Device-free and device-bound activity recognition using radio signal strength

Markus Scholz, Till Riedel, Mario Hock, Michael Beigl
2013 Proceedings of the 4th Augmented Human International Conference on - AH '13  
We investigate direct use of 802.15.4 radio signal strength indication (RSSI) for human activity recognition when 1) a user carries a wireless node (device-bound) and when 2) a user moves in the wireless sensor net (WSN) without a WSN node (device-free). We investigate recognition feasibility in respect to network topology, subject and room geometry (door open, half, closed). Methods: In a 2 person office room 8 wireless nodes are installed in a 3D topology. Two subjects are outfitted with a
more » ... sor node on the hip. Acceleration and RSSI are recorded while subject performs 6 different activities or room is empty. We apply machine learning for analysis and compare our results to acceleration data. Results: 10-fold cross-validation with all nodes gives accuracies of 0.896 (device-bound), 0.894 (device-free) and 0.88 (accelerometer). Topology investigation reveals that similar accuracies may be reached with only 5 (device-bound) or 4 (device-free) selected nodes. Applying trained data from one subject to the other and vice-versa shows higher recognition difference on RSSI than on acceleration. Changing of door state has smaller effect on both systems than subject change; with least impact when door is closed. Conclusion: 802.15.4 RSSI suited for activity recognition. 3D topology is helpful in respect to type of activities. Discrimination of subjects seems possible. Practical systems must adapt no only to long-term environmental dispersion but consider typical geometric changes. Adaptable, robust recognition models must be developed.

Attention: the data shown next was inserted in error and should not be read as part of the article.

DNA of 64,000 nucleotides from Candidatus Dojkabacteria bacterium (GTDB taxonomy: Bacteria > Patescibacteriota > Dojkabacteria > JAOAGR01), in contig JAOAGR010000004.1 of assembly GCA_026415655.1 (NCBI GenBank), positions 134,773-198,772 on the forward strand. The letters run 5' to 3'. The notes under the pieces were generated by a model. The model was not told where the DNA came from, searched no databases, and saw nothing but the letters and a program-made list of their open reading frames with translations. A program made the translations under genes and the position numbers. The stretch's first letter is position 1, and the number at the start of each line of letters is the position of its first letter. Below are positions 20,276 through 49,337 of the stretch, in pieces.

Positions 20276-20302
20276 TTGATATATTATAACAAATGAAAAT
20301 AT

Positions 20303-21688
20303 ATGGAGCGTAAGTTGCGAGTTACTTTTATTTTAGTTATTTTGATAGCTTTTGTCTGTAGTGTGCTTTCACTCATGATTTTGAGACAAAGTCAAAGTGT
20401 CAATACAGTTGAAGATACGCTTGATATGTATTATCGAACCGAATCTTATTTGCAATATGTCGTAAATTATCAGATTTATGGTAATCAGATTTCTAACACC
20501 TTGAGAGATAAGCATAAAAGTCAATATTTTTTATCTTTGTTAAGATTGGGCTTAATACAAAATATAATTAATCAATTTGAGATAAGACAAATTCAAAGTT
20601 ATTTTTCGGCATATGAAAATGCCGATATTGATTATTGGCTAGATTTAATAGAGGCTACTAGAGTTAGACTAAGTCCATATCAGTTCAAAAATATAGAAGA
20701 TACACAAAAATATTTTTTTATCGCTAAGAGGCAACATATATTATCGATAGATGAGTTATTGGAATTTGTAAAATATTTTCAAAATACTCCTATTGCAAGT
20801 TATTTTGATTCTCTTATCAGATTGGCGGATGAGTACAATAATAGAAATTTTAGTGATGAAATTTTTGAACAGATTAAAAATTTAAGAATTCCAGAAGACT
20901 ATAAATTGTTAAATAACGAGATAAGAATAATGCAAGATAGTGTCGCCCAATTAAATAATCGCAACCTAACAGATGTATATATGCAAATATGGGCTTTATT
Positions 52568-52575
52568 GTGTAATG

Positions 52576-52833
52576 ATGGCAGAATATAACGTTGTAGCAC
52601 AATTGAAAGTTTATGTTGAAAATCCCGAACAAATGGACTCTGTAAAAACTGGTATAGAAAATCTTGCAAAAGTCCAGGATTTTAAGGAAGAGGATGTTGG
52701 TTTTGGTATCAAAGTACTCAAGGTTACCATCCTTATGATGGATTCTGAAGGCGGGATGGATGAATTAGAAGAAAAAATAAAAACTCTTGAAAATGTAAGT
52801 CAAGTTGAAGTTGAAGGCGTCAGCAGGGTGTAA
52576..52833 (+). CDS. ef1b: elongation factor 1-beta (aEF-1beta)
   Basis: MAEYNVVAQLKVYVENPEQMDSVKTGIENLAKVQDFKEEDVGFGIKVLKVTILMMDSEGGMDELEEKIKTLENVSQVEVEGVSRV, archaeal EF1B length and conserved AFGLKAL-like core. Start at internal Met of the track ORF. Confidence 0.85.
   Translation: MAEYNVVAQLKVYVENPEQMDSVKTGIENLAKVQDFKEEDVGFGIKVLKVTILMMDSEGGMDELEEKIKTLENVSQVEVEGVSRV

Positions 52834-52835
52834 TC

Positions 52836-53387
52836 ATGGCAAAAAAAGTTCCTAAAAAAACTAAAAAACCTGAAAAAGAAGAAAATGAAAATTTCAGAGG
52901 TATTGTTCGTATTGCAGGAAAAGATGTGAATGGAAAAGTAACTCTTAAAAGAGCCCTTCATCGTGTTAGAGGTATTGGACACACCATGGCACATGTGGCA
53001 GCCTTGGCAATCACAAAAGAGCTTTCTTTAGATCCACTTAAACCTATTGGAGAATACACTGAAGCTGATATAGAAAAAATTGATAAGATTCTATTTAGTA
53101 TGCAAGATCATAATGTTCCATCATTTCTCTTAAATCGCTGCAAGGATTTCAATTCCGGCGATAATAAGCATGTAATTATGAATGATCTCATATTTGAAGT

doi:10.1145/2459236.2459254 dblp:conf/aughuman/ScholzRHB13 fatcat:fkehv25skjdsxiiq6ijl7gfroq